difficulty adding headers
mdounin at mdounin.ru
Sat Jun 28 02:00:48 UTC 2014
On Fri, Jun 27, 2014 at 07:26:04PM -0400, ura wrote:
> ok, thanks for clarifying.
> i just did a clean test as suggested and do indeed see the Accept-Ranges
> header being returned automatically by nginx.
> in doing that - the mp4 video still does not stream/pre-buffer as i am
> i accessed the test video file that is on the homepage of the video.js
> website via curl and there is no Accept-Ranges header being sent in the
> response for their file, on their server... yet their test video file
> preloads and streams correctly when i play it via the video.js player on my
> local dev machine (served via nginx).
> when i download their test video and play it via my same dev machine here,
> the preloading does not function.
> a) Accept-Ranges is not the cause of the lack of streaming here.
> b) the same file will preload on another server, yet not on mine (the
> headers being sent from the other server are not obviously different to the
> ones being sent from my own nginx server).
> i even downloaded a php class to correct the moov atom for the mp4 file, in
> case that was the challenge here. although some files did need to be fixed,
> the issue of the video files' moov atoms being in the wrong position, is not
> the cause of my main challenge with the pre-buffering of videos.
> so now i am stuck again, with no idea of what i am missing from my server to
> activate pre-buffering of video. perhaps i will message the video.js coders
As far as I see, "video.js" isn't a player per se, but rather an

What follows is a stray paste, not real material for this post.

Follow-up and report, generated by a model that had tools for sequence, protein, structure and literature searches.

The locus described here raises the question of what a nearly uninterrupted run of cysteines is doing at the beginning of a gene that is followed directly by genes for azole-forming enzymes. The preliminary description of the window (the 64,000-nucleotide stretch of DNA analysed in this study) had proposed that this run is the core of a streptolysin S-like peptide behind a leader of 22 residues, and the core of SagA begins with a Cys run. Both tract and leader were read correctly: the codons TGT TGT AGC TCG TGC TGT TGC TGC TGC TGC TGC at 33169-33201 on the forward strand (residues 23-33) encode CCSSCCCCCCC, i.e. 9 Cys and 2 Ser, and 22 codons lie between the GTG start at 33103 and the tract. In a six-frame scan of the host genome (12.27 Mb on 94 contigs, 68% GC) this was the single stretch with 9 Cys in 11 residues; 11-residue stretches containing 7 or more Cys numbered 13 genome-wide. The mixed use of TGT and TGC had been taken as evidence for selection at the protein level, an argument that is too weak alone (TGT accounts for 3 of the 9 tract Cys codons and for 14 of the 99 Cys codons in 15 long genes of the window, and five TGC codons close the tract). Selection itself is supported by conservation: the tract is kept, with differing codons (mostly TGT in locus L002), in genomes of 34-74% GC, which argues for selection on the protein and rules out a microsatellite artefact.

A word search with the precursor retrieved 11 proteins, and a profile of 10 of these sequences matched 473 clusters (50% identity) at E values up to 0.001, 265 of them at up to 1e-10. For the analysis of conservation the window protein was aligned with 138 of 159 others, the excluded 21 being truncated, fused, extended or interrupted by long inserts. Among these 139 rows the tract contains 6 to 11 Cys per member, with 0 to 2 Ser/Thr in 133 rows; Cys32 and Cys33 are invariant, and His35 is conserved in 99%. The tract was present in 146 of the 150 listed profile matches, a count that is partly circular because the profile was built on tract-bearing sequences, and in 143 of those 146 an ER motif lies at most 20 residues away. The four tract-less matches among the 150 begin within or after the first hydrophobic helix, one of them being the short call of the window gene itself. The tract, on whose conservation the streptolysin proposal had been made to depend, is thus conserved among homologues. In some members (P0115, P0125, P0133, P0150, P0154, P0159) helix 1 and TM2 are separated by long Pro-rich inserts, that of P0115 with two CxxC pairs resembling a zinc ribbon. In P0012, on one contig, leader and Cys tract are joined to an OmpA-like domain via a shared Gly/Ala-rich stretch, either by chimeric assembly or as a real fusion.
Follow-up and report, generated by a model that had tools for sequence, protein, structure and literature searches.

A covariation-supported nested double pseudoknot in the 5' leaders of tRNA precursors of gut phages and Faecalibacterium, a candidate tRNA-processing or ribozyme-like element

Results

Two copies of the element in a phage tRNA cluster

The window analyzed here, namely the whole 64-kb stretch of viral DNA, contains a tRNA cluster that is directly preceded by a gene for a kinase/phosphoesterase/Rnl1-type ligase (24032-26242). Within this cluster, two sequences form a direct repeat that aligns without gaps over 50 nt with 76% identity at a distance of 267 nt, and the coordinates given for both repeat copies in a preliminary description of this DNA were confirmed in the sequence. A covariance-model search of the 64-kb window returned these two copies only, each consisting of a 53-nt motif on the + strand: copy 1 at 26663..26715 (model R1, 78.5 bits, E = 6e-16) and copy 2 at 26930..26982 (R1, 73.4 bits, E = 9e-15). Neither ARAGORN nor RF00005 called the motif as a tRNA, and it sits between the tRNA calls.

interface for HTML5 player in your browser. You may start
debugging with just a <video/> tag, without any external
interfaces. Note well that Chrome Developer Tools (especially
Network tab) are extremely helpful in debugging of such things
(or, at least, better than nothing).
I've just tested with a simple video tag and the mp4 file from the
video.js "Getting Started" page, and it seems to work fine here
with the following html code:
<source src="oceans-clip.mp4" type="video/mp4" />
The only problem I faced was due to OS X 10.9 network stack bug,
it seems to have problems with packet retransmission after 25 days
of uptime. As the mp4 file in question is big enough, it used to
trigger the problem when streamed from my development VM here, and
connection used to got stuck after 4M or so. And it seems that
Chrome isn't able to recover from such a problem when streaming
video using HTML5 <video/> tag (moreover, it seems to cache
unfinished responses in this case, so don't forget to clear the
cache). The problem was clearly visible in Developer Tools
though, and "netstat" confirmed the problem was somewhere in
network stack - as send queue on nginx side was full. So I
finally have to reboot my laptop to resolve this.
It's highly unlikely you are facing the same problem, but rather a
reminder that HTML5 video streaming is still quite fragile and
should be handled with care.
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